Referring now to FIG. 20, a novel run length encoder is similar to that illustrated with reference to FIGS. 9 and 10. Instead of the three-bit registers 51 and 52 accompanied by the selectors 53 and 54, a single-bit prediction error code register 161 carries out the grouping of the prediction error codes e11 through e13 and e21 through e23, e11 through e13 and e21 through e23, and so on into the first and second sequences in cooperation with a single-bit mode code register 162 and the inhibit signal OR gate 55 among others. The encoder only partly depicted in FIG. 20 is operable substantially as described with reference to FIG. 10 and Table 21. The single-bit registers 161 and 162 are used because the prediction circuit 35 already comprises the error and the mode signal selectors 153 and 154 as described in conjunction with FIG. 16.

Turning to FIG. 21, a prediction circuit 84 (FIG. 11 or 15) for use in a decoder to be coupled with the encoder comprising the prediction circuit 35 is illustrated with reference to FIGS. 16 and 17. The prediction circuit 84 successively supplies a sequence of reproductions of the first through the third first-step mode codes M11 to M13 and the first through the third second-step mode codes M21 to M23 for a picture element signal to be reproduced, the first through the third first-step mode codes M11 to M13 and the first through the third second-step mode codes M21 to M23 for the picture element signal to be next subsequently reproduced, and the like mode codes for the successive picture element signals to be reproduced, to the expansion decoding circuit 82, which is of the structure depicted in FIG. 13 and operable as described with reference to FIG. 14. More particularly, the expansion decoding circuit 82 now reproduces a sequence of the first through the third first-step prediction error codes e11 to e13 and the first through the third second-step prediction error codes e21 to e23 for the picture element signal being reproduced, the first through the third first-step prediction error codes e11 to e13 and the first through the third second-step prediction error codes e21 to e23 for the next subsequently reproduced picture element signal, and so forth.

With the mode codes M's and the prediction error codes e's alternatingly reproduced as described hereinabove with reference to FIGS. 12 through 14, the prediction circuit 84 successively reproduces picture element signals of a sequence 85 and stores a predetermined portion of the sequence 85 in a 6(R+2)-bit shift register 165. First through fourth first-step eight-level signal producing circuits 166, 167, 168, and 169 retains the first-step threshold levels T1 's. Responsive to the reproduced picture element signals y's or a through d of a reproduced reference signal S stored in the shift register 165 for a picture element signal x being predicted, the circuits 166 through 169 produce first transformed picture element signals a1 through d1, respectively.

A first predictor 171 is of the structure illustrated in FIG. 12 except for the 3(R+2)-bit shift register 90 which is now comprised as the 6(R+2)-bit shift register 165 by the whole prediction circuit 84. As described with reference to FIG. 14, the predictor 171 reproduces a first first-step mode code M11 in response to the first transformed picture element signals y's. The reproduction of the mode code M11 is supplied to the expansion decoding circuit 82 through a selector 175 controlled by the control circuit 88. The expansion decoding circuit 82 reproduces a first first-step prediction error code e11 of the picture element signal x and supplies the same to the predictor 171 through the connection 95. Responsive to the first transformed picture element signals y's and the reproduced first first-step prediction error code e11, the predictor 171 produces a reproduction of the second first-step mode code M12 which is again sent to the expansion decoding circuit 82 through the selector 175. In this manner, the predictor 171 reproduces the first through the third first-step prediction error codes e11 to e13 and the first decomposed picture element signal x1.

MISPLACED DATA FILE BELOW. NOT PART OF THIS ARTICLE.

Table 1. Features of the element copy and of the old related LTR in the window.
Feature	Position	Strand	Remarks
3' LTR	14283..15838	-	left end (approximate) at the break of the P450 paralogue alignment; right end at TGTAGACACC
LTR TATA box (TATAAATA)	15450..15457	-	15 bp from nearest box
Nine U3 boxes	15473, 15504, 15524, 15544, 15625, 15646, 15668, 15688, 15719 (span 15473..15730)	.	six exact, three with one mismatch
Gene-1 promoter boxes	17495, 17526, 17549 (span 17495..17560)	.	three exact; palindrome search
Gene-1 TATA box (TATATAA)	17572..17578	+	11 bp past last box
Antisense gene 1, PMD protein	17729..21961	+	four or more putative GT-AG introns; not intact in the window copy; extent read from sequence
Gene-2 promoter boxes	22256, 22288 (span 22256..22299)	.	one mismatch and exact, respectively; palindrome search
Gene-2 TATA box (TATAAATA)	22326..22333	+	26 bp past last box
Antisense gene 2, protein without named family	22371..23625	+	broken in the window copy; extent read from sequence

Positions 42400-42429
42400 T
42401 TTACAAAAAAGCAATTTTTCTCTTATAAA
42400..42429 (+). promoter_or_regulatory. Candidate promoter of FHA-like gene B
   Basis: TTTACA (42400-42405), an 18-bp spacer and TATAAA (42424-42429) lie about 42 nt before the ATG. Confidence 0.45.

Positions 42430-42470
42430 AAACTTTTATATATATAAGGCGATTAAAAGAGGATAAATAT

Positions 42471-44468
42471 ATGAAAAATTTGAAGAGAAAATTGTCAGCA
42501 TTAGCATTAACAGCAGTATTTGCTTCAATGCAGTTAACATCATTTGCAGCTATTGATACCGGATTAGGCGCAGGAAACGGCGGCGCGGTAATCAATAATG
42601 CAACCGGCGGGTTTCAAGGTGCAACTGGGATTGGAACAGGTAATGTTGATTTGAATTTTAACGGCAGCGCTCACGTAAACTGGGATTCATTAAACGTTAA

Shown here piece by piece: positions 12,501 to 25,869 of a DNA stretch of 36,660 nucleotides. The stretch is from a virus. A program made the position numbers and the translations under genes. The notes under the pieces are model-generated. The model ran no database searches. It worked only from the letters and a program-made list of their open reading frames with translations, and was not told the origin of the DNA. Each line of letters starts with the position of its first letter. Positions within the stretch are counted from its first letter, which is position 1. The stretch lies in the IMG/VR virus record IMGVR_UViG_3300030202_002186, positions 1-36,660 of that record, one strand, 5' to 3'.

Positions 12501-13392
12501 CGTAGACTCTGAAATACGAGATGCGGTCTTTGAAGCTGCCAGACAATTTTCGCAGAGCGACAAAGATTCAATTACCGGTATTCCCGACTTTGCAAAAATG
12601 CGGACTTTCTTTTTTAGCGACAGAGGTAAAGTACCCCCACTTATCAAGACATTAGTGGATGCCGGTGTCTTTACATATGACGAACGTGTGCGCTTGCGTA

First through fourth second-step eight-level signal producing circuits 176, 177, 178, and 179 hold the second-step threshold levels T2 's controlled by the first decomposed picture element signal x1. Responsive to the reproduced picture element signals a through d, the second-step eight-level signal producing circuits 176 through 179 produce second transformed picture element signals a2 through d2, respectively. A second predictor 182 is similar to the first predictor 171. Supplied with the second transformed picture element signals y2 's, the second predictor 182 produces a reproduction of first second-step mode code M21 of the picture element signal x, of which the first decomposed picture element signal x1 is already reproduced as described hereinabove and used to control the second-step threshold levels T2 's. The selector 175 supplies the reproduction of the first second-step mode code M21 to the expansion decoding circuit 82. In cooperation with the expansion decoding circuit 82, the second predictor 182 successively reproduces the second and the third second-step mode codes M22 and M23 and the second decomposed picture element signal x2.

As described hereinabove, the first decomposed picture element signal x1 is a three-bit binary signal representative of eight more significant bits of the picture element signal x under consideration and the second decomposed picture element signal x2, another three-bit binary signal giving eight less significant bits of the picture element signal x in question. A composer 185 therefore arranges the first and the second decomposed picture element signals x1 and x2 into the six-bit sixty-four-level picture element signal x. As soon as the predicted and composed picture element signal x is supplied to the shift register 165, the control circuit 88 shifts the picture element signals a through d and x by one shift stage.